Section 4 reports the results of numerical experiments. It is somewhat disturbing that the solutions for the idealised case show little difference between the splitexplicit algorithm and the semiimplicit algorithm. This is probably due to the fact that the dynamics of this idealised case is essentially baroclinic and little affected by the representation of the external dynamics. It would have been desirable to consider an idealised case where barotropic dynamics play a more important role (for example, think of an idealised case of internal tide generation on a bathymetry by barotropic current oscillation). However, the results show a certain viability of the splitexplicit algorithm and a gain in efficiency compared to the semiimplicit algorithm.
Specific comments :
l37 : I suppose ‘temporal interpolations’ should be replaced by ‘temporal integrations’?
l47 : A schematic describing the timestaggering of variables and the structure of the algorithm could be referred to here, upstream of the equations, to help the reader.
l53 : Should the variable h in the expression for the pressure gradient be indexed with k?
l62 : Should the transport U be indexed with k?
l100 : It seems to me that the abbreviation SE isn't very well chosen. It would be clearer to use another which suggests that the basic timestepping is the modified FB. For the same reason,
l101102 : Here, with the SE scheme, the choice is made to integrate U_bar before eta. With the SESM scheme, the choice will be reversed. What are the reasons for these different choices? What are the implications? In the SE case, this choice is associated with a semiimplicit discretisation of the Coriolis term, which probably requires specific numerical processing ; if so, these should be explained. On the other hand, still in the SE case, this choice leads to the expression of the mean barotropic transport (12), which would be different with a reverse order of integration.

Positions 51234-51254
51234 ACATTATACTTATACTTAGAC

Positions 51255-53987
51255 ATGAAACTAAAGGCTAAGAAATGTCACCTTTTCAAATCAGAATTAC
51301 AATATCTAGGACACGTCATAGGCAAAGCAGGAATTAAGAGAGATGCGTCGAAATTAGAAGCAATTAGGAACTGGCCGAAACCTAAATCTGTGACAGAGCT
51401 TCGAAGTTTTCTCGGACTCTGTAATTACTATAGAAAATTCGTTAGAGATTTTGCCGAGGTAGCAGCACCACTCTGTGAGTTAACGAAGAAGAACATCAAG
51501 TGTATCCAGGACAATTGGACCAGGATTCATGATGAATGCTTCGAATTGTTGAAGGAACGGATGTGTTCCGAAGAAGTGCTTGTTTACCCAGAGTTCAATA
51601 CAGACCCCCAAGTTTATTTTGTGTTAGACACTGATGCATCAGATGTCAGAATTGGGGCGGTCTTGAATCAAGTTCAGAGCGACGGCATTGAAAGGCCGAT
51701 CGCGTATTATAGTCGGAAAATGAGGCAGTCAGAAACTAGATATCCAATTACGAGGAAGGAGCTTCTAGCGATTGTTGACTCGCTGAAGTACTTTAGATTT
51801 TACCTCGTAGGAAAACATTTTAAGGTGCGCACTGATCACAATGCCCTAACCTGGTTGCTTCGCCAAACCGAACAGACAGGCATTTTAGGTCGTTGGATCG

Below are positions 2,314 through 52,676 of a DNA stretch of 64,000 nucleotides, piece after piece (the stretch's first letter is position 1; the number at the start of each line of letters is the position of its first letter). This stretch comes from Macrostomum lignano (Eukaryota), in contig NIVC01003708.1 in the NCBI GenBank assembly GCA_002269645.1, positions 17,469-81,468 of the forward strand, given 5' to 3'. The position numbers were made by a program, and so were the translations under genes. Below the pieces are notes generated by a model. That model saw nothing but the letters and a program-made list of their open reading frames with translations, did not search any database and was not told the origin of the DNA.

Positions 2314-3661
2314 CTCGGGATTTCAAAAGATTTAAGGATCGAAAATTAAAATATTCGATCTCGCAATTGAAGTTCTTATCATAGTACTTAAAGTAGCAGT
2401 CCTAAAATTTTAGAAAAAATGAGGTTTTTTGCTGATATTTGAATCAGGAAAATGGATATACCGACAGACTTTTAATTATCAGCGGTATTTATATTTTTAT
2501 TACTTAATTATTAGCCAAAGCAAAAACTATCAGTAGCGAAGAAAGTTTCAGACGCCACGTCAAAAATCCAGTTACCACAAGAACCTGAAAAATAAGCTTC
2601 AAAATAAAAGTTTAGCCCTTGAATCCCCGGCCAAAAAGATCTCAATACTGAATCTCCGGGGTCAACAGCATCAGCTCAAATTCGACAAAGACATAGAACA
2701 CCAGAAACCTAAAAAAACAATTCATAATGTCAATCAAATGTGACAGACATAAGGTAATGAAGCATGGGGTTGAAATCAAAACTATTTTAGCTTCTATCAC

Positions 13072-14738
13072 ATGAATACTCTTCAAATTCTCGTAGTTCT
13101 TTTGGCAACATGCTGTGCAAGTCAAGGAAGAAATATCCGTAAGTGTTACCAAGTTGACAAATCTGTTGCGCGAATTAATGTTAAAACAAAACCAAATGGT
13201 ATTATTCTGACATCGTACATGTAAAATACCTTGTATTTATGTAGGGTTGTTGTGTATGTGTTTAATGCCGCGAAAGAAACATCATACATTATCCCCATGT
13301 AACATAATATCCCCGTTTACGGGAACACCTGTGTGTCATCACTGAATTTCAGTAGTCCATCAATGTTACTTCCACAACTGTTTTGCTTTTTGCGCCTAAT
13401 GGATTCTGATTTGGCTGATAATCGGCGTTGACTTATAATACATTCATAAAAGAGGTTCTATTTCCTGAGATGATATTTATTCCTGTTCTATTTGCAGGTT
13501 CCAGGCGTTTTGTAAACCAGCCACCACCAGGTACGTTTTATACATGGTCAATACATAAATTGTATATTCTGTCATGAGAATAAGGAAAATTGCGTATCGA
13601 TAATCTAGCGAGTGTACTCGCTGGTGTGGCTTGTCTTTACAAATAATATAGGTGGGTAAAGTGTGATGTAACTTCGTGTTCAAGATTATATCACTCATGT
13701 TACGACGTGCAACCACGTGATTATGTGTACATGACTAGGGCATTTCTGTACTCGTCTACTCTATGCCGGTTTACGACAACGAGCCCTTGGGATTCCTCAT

l103 : The quoted value of theta has been obtained under rather special conditions: it is the value that, for a constant stratification of N=102 s1, a water column of H=4000 m and a splitting ratio of 20, allows the stabilisation of splitexplicit algorithms whose stability is limited by largescale barotropic waves. It is not clear that the algorithm proposed in this paper is constrained by these waves and that this value is relevant here. This is plausible, however, because the FESOM scheme is a variant of the FB scheme, which is used by Demange et al. in their study.
l110 : It might be clearer to change ‘at the end of the barotropic step’ into ‘during the barotropic step’.
l114 : The reference to Shchepetkin and McWilliams on the line 112 could be moved to just after the ‘traditional notation’ line 114.
l120 : It is mentioned that it is not clear how to initialise Ubar (due, I suppose, to the timestaggering between U and Ubar), and it is noted that "We return to this topic below". But it's not clear to me where in the paper this is explained.
l125 : In this expression we see the correction by the mean barotropic transport <> of the 3D transports U_k^{n+1/2}, which is then used to transport tracers. There doesn't seem to be any place in your implementation for the other transport correction that classically appears in splitexplicit algorithms based on synchronous schemes, i.e the correction by the barotropic transport of the 3D transports U_k^{n+1} (see for example p 384 in Shchepetkin and McWilliams). I'm a little embarrassed by the lack of an equivalent to this correction. Isn't there a cog missing to ensure consistency between the 3D and 2D integrations?
l156 : Should ‘temporal interpolations’ be replaced by ‘temporal integrations’?
l157159 : It seems to me that this sentence is confusing. What is done in this section is not really the analysis of the external mode in the context of splitexplicit algorithms (which is done, for example, in Demange et al. section 4.2). Rather, it is the analysis of the modified FB, modified AB3AM4 and semiimplicit FESOM schemes in the context of SW equations.
l190 : The solutions of the continuous problem are e^{+i c} and e^{i c}.
l 214 : The sentence ‘This CFL number …mesh size.’ is unnecessary here because the analysis is exact in space and does not depend on Delta x.
fig. 1: For the two panels on the left, why not show the amplitude error of the explicit schemes over larger ranges on each of the two axes? This would show the damping for large values of c, and the loss of stability of the schemes. This would make it a little easier to compare the amplitude error of the explicit schemes with that of the semiimplicit scheme. For the two panels on the right, the phase error could be plotted as the ratio of the discrete phase velocity to the exact phase velocity. why not use the same horizontal axis as for the left panels, with c values varying between 0 and 30? This would make the figure easier to read.
fig. 3 : the caption refers to diffusivities that are not traced.
Citation: https://doi.org/10.5194/gmd2023208RC2  AC4: 'Reply on RC2', Tridib Banerjee, 06 Jun 2024
Model code and software
FESOM2.5 with preliminary SplitExplicit Subcycling Banerjee Tridib, Danilov Sergey, Scholz Patrick, Klingbeil Knut, and Sidorenko Dimitry https://zenodo.org/doi/10.5281/zenodo.10040943